Saturday, October 6, 2007

USDA Report on Biotech Rice Reaffirms Agency's Do-Nothing Approach to GE Crop Contamination

In a long-awaited report released Friday afternoon on widespread contamination of the U.S. rice supply by an unapproved genetically engineered (GE) variety, the U.S. Department of Agriculture (USDA) announced it would take no enforcement action against Bayer, the producer of the untested GE rice. Remarkably, the USDA report also reveals that the agency has no formal rules requiring biotech companies to retain records of their experimental field trials
or to require companies to keep seed samples for genetic tests, which are essential in detecting and tracking potential sources of contamination.

“Once again we find out too late that the government is uninterested in protecting farmers, consumers or the environment from genetic crop experiments,” said Joseph Mendelson III, Legal Director for the Center for Food Safety. “Bayer’s failure to keep these untested rice genes out of our natural food supply has crippled our rice industry and left hundreds of farmers with rice they can’t sell, and without the safe seed they need. It’s shameful that USDA refuses to hold Bayer responsible.”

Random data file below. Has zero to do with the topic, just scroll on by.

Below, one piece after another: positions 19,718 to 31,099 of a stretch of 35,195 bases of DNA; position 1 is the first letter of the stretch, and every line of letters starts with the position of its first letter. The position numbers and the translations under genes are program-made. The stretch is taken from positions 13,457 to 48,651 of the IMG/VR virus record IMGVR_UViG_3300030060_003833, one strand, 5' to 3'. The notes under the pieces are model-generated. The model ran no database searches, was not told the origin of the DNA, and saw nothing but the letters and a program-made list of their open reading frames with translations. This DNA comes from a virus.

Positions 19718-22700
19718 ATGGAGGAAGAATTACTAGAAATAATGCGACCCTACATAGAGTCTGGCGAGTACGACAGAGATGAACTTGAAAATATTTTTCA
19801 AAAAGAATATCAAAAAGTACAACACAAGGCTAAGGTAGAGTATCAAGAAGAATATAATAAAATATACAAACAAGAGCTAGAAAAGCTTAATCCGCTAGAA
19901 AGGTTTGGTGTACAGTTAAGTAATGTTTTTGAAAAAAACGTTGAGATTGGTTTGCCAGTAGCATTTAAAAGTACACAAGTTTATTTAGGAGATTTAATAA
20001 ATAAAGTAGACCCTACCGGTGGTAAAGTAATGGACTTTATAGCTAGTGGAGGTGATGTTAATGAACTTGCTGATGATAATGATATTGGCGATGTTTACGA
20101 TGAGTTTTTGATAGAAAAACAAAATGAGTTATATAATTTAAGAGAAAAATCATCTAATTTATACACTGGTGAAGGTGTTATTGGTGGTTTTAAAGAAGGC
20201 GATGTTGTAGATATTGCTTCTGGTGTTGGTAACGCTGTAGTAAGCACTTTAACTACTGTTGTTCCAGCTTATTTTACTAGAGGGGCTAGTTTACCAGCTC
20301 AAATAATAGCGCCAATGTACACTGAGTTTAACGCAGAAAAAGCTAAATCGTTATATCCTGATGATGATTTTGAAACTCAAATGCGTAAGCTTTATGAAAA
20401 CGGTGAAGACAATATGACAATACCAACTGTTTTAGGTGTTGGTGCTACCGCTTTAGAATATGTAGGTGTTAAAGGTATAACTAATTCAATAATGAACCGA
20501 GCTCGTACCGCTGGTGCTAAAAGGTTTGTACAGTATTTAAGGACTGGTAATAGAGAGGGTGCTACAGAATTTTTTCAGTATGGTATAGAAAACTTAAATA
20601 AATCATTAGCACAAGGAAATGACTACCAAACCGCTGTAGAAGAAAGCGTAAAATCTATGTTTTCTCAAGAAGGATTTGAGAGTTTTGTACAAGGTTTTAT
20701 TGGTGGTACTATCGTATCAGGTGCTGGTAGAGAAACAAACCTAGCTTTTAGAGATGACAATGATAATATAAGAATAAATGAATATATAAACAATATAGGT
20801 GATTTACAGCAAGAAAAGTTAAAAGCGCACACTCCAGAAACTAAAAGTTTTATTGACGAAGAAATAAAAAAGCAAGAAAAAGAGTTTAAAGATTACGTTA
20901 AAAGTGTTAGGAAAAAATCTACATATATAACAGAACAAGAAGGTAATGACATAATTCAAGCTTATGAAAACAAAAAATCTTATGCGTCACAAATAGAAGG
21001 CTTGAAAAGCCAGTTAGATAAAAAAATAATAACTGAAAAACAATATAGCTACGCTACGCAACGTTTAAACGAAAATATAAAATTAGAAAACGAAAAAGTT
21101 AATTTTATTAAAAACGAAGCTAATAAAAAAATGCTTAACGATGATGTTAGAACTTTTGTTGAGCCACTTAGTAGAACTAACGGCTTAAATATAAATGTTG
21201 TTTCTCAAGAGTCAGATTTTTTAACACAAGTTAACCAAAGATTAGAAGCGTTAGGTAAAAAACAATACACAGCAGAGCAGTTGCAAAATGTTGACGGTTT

The genetic contamination incidents, first disclosed in August 2006, have disrupted sales and planting for rice farmers throughout the US southern rice-growing region and caused a crash in U.S. rice exports, after Europe, Japan and other buyers closed their markets to U.S. rice. The EU was a major importer of long-grain rice from the US, purchasing 198,000 tons worth $67 million in 2005.

The USDA press release is available here

No comments: